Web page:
A woman who helped a truck carrying lab monkeys was left with pink eye, cough, and face 31 days of quarantine.
Michele Fallon, from Pennsylvania, jumped out of her car to help when she saw a pickup, which was carrying 100 cynomolgus macaque monkeys, collide with a dump truck on a state highway just outside Danville last Friday.
When she approached and put her hands on the cage, which Fallon thought was containing a cat, she discovered an agitated monkey, hissing on her.
She recalled another motorist saying he thought he saw a cat run across the road just as she peeked into one of the crates and saw the monkey staring back at her.
Michele said: “I thought I was doing the right thing by helping — I had no idea it would turn out this way. He just asked if his trailer was okay. He never said, “if you do come near a crate do not touch it,” if he would have told me that, I would have been more careful.”
Fallon later became alarmed when officials warned the public not to go near or approach four monkeys that escaped because they could transmit diseases. 4 of the monkeys on the trailer got loose. Public health officials warned them to stay away from the area as the police searched for the escape macaques.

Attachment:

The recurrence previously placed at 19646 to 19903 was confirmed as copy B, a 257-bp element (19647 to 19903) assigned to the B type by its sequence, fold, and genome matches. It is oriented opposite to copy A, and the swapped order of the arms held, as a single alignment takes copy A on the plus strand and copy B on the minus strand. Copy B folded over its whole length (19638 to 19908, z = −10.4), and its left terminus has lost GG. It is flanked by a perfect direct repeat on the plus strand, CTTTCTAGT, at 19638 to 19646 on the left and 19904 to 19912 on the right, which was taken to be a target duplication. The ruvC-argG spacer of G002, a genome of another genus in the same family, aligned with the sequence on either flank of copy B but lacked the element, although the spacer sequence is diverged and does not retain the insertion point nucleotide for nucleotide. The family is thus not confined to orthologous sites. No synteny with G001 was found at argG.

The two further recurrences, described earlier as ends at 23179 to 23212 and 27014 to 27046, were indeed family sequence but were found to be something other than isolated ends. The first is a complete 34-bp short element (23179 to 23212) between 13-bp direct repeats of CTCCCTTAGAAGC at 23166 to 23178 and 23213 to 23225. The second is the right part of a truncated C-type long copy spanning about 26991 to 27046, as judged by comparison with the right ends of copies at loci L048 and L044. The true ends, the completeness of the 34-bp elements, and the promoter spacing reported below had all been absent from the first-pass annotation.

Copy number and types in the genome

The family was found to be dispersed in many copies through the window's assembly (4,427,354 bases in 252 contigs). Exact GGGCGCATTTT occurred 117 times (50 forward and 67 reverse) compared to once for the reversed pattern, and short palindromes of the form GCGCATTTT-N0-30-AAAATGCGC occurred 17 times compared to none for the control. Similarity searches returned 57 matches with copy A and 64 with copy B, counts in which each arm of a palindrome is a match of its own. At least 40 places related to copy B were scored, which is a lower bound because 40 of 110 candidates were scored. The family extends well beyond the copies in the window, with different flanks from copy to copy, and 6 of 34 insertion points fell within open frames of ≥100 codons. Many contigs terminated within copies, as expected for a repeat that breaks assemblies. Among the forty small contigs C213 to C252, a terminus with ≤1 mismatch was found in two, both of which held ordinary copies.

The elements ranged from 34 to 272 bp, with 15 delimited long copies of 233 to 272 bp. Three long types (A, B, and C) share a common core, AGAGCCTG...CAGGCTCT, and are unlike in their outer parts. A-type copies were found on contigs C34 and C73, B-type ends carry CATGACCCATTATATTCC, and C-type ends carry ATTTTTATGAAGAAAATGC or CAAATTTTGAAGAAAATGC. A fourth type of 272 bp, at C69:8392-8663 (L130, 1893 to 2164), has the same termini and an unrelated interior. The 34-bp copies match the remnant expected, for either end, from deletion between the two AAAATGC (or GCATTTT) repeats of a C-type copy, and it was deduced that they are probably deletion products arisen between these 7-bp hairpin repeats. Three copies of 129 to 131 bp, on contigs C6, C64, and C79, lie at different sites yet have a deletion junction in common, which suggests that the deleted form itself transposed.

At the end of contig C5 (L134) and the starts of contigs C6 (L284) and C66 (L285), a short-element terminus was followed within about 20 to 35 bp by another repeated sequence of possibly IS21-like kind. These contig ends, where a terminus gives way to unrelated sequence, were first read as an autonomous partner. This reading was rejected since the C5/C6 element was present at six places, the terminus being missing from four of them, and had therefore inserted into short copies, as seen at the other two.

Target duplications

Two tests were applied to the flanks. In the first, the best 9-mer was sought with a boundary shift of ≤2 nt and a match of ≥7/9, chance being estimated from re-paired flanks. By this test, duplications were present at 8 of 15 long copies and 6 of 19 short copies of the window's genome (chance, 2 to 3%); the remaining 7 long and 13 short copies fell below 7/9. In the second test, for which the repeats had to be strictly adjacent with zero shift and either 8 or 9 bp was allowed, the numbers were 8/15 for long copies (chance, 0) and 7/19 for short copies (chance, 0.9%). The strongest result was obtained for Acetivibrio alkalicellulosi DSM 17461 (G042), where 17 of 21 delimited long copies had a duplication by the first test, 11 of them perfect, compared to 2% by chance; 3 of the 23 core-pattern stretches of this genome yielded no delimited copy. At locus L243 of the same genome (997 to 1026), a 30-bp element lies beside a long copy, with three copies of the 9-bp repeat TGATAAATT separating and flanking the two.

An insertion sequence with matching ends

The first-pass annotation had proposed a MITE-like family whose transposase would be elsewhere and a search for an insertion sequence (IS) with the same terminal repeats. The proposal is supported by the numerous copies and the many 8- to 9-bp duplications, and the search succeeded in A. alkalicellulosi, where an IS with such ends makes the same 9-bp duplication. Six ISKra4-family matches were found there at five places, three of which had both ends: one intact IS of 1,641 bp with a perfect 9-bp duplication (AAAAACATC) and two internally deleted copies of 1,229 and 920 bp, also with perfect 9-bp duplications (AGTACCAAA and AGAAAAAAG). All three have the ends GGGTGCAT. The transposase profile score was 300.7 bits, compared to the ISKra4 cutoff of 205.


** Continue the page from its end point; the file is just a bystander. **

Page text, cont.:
Fallon said: “I was close to the monkeys, I touched the crates, I walked through their feces so I was very close. So, I called to inquire, you know, was I safe?”
After Fallon contacted the Center for Disease Control and Prevention office, she was told that because the monkeys were not quarantined and monitored, she should need to take precautions.
Following the said encounter, Fallon developed a cough, runny nose, and pink eye, which became so bad she ended up going to the emergency room.
She also had an open cut on her hand and was concerned it could have gotten infected, she was also instructed to quarantine for 31 days. She received a rabies shot at a medical Center, as well as anti-viral drugs.
The said truck was carrying 100 cynomolgus macaque monkeys from Africa, and heading to a lab in Missouri for testing. All of the escaped monkeys were accounted for on Saturday after the Pennsylvania Game Commission and other agencies launched a search for it amid frigid weather.
Three of the said escaped lab monkeys were dead after being euthanized by the catchers. According to the CDC, this species is a kind of monkey that commonly spreads herpes virus B through saliva, feces, or urine.
Fallon will undergo preventative medicine for about two weeks.
The first indications of herpes virus B infection are typically flu-like symptoms, the person may then develop small blisters in the area that had contact with the monkey.
As the virus progresses, it can cause inflammation of the brain and spinal cord, leading to neurological symptoms, brain damage, and even death.
The USDA is now investigating the incident after People for the Ethical Treatment of Animals PETA filed a complaint. They called for the closure of the federally funded national primate research centers. The animal rights organization put out a statement urging the US to stop importing monkeys for experiments.